CANCER AWARENESS – SIGNS AND SYMPTOMS

It is important to be aware to be aware of any new worrying symptoms, such as blood in your pee or poo, a lump, persistent bloating or a cough for three weeks or more.

Although it’s unlikely to be cancer it is important to speak to your GP so they can investigate.

Finding a cancer early means it is easier to treat.

If your GP suspects cancer, they will refer to you to a specialist – usually within two weeks.

COUGHING, CHEST PAIN AND BREATHLESSNESS

Contact a GP if you have had a cough for three weeks or more.

CHANGES IN BOWEL HABITS

Speak to a GP if you have noticed these changes and has lasted for more than a few weeks:

blood in your poo

diarrhoea or constipation

a feeling of not fully emptied your bowels after going to the toilet

pain in your stomach or back passage (anus)

BLOATING

Speak to your GP if you’ve had bloating for three weeks or more

LUMP IN YOUR BREAST

Speak to a GP if you notice a lump in your breast or f if you have a lump that’s rapidly increasing in size elsewhere on your body.

Your GP will refer you to a specialist for tests if they think you have cancer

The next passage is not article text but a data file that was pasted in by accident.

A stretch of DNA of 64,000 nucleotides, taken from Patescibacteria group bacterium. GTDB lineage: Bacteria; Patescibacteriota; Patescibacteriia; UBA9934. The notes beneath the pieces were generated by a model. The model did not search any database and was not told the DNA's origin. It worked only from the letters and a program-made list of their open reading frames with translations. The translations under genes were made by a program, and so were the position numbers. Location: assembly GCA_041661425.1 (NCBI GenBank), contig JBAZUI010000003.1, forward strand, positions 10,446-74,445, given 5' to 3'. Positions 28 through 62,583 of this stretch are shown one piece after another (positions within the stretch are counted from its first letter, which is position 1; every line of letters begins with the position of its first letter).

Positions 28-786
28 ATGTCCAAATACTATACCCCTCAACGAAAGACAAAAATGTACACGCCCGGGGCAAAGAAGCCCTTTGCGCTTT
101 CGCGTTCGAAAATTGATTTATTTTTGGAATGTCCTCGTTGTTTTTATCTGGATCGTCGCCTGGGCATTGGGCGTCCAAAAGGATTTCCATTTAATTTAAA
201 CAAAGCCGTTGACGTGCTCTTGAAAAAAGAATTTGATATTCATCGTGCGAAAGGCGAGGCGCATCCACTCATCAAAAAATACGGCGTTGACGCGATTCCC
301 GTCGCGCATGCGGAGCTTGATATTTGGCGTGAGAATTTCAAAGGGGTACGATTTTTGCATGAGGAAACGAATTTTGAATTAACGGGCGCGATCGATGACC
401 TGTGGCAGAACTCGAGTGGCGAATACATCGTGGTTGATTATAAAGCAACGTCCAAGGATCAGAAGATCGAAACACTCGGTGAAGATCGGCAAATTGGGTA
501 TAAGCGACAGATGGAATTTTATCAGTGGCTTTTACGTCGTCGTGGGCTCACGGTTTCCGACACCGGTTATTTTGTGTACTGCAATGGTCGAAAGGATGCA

UNEXPLAINED WEIGHT LOSS

You should also speak to a GP if you’ve lost of weight over the last couple of months that cannot be explained by changes to your diet, exercise or stress

BLEEDING

You should also speak to a GP if you have any unexplained bleeding, such as:

blood in your urine

bleeding between periods

bleeding from your bottom

blood when you cough

blood in your vomit

MOLES

Speak to a GP if you have a mole:

changes shape or looks uneven

changes colour,Vgets darker or has more than two colours

starts itching, crusting, flaking or bleeding

gets larger more raised from the skin

Coronavirus (Covid-19)

 
Surgery Information:
Covid-19 – Children Attending School
Covid-19 – Testing
Covid-19 – Update
Covid-19 – Message from NHS England